Stefano Domenicali has admitted the F1 fraternity may initially struggle to adapt to the "new noise" of 2014. The sport is preparing to move from deafening V8 power to the comparatively-sedate turbo...
The sport is preparing to move from deafening V8 power to the comparatively-sedate turbo tones of V6 engines.
One aspect of the radical new rules is the requirement for the cars to be totally silent, relying only on electric power, whilst in the pitlane.
"We are totally against that, and it's something that is yet to be fully defined. We have to discuss that further with the FIA," Ferrari team boss Domenicali told the Spanish daily Marca.
As for the new turbo V6 formula, Domenicali said Ferrari is happy. Amid the current V8 engine development 'freeze', the Italian team has been complaining for years about the dominance of aerodynamics.
"To me, what I do not like about the F1 of today is that we only talk about aerodynamics," Domenicali said.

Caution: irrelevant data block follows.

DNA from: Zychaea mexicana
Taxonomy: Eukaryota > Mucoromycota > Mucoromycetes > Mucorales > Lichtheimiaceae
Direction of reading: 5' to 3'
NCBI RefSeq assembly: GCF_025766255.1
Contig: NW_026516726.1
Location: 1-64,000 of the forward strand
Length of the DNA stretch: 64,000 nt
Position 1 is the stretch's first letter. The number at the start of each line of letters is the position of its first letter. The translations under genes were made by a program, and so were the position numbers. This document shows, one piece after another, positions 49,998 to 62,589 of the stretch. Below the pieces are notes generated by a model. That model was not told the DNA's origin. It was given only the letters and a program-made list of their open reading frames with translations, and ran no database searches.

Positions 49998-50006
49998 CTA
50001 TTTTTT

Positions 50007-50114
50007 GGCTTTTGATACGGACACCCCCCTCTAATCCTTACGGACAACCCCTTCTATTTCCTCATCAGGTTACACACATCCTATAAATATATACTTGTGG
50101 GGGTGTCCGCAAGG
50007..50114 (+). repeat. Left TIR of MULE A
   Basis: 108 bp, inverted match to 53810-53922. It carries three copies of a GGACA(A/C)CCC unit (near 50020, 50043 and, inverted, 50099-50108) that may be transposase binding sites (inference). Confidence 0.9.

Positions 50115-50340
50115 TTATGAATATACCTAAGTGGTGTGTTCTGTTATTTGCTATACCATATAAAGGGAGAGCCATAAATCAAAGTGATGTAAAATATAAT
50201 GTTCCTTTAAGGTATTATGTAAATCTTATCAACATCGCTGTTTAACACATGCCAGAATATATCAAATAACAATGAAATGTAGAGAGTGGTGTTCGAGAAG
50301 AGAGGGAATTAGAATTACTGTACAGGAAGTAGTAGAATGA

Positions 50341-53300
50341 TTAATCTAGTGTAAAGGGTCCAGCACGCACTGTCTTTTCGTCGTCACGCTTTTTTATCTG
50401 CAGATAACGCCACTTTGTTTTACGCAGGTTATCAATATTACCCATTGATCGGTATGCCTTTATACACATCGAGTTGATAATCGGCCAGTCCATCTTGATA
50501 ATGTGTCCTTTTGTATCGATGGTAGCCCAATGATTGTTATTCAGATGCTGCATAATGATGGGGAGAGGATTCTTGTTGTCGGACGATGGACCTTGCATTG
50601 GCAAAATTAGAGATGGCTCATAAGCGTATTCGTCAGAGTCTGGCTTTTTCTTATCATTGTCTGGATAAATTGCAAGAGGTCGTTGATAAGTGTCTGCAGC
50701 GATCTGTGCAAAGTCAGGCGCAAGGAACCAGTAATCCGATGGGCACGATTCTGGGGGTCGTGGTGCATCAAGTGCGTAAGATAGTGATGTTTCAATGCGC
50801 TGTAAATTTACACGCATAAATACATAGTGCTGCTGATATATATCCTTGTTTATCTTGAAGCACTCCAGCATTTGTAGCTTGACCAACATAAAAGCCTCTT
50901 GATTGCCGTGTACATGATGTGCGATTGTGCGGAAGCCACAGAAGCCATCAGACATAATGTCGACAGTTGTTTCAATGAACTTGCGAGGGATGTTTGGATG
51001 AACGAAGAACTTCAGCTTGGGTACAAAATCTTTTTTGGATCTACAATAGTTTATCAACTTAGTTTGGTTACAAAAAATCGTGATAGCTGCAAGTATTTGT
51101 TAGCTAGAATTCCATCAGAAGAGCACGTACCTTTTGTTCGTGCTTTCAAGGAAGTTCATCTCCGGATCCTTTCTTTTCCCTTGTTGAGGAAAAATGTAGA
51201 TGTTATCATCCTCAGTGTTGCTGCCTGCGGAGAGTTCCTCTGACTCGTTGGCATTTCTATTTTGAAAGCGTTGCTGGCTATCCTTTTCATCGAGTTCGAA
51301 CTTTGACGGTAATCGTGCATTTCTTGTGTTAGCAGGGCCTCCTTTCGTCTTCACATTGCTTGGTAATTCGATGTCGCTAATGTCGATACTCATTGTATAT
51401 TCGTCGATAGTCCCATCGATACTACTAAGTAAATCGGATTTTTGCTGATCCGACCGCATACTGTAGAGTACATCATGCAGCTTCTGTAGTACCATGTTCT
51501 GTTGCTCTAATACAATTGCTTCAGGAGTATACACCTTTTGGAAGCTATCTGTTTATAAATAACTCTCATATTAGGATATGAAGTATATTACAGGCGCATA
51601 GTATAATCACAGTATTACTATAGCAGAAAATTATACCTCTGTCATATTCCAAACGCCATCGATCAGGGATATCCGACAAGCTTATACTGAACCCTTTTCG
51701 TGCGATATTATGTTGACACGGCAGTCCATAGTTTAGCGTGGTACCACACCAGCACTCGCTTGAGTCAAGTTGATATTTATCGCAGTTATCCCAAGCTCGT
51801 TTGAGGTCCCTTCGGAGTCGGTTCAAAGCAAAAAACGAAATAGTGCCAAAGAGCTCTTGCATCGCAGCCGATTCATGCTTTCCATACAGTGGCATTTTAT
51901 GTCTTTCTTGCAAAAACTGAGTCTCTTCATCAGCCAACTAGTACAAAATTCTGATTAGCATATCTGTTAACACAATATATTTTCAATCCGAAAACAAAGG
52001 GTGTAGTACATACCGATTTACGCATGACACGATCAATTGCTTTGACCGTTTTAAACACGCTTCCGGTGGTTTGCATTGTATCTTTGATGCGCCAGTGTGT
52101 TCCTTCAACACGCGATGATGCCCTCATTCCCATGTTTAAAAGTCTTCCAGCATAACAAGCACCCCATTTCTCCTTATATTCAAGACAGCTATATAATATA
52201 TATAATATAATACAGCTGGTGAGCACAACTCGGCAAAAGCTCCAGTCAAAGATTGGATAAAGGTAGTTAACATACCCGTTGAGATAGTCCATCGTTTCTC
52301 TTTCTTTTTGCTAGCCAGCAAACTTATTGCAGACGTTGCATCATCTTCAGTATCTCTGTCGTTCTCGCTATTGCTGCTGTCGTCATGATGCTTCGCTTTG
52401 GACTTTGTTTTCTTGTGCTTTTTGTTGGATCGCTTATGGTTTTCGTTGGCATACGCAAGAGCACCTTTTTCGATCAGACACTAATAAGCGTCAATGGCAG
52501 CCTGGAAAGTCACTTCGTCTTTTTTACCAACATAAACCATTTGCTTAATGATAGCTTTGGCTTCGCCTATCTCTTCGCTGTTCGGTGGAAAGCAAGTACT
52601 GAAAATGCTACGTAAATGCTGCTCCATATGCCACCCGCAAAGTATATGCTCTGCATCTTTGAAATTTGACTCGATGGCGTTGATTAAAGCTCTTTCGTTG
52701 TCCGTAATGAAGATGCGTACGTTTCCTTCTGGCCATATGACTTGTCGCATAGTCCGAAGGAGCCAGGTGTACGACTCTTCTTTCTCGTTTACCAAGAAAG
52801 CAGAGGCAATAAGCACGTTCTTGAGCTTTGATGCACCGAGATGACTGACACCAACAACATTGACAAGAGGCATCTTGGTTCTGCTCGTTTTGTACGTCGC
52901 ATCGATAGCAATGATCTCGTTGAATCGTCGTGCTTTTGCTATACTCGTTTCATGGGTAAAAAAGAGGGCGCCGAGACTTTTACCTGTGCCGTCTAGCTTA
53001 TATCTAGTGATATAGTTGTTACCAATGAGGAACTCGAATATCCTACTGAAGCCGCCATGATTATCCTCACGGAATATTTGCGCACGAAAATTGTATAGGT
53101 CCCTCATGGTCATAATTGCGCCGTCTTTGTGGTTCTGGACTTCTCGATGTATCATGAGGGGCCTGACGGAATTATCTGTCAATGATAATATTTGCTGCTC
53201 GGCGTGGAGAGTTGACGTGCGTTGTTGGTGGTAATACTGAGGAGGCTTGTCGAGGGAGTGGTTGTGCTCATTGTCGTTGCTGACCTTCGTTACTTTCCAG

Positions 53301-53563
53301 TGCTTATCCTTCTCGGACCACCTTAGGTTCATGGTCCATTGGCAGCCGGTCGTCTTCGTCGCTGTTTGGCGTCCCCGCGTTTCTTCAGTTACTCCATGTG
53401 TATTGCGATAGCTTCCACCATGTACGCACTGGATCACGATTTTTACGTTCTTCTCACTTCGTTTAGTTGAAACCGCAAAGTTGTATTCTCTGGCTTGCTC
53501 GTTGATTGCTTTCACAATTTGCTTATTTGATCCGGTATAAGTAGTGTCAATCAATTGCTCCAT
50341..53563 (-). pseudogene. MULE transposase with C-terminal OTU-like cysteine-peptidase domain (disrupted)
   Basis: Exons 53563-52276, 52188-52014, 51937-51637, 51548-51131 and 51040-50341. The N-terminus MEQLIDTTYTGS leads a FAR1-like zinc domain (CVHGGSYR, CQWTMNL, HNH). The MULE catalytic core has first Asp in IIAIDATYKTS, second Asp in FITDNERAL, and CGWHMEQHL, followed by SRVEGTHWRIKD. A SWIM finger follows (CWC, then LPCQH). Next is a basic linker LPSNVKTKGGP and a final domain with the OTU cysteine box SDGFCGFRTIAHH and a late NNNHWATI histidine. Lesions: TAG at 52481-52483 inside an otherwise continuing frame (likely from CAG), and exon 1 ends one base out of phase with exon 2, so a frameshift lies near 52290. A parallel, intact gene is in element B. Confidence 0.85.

"If you ask the fans about the engine - how many cylinders, how much horse power - they have no idea.
"I think it is right for the future to find a balance."
Domenicali said V6 is a "different technical challenge" that Ferrari finds "exciting".
"At first I think everyone will say it (the engine tone) sounds a little strange, but probably for the future it is a wise decision, especially talking about the turbo, the recoverable energy, and the less noise.
"F1, being the pinnacle of motor sport, has to be the first to go this way. Some say that in this time of crisis it would be better to wait, and that may be right, but now we have taken a road we cannot return from."
As ever in F1, however, there are many uncertainties. Red Bull's Adrian Newey said recently he fears one engine manufacturer could get the upper hand with the new V6 formula, and dominate for years and years.
That risk appears even higher given the fact that the 2014 manufacturers - Ferrari, Mercedes and Renault - are designing their V6s right now amid F1's strict testing ban.
"We're not agreeing to introduce any new test sessions that would use mule (V6-equipped) cars," said McLaren's Paddy Lowe at Spa.
Ferrari's engine boss Mattia Binotto is worried.
"It's clear that we are very keen to run the new power unit earlier because what you can find on a car is never equal to what you can find on the dyno," he said at Spa.
"We are all afraid that by the start of the (2014) season you find out that you have a big issue with the engine and you have no time to sort it out."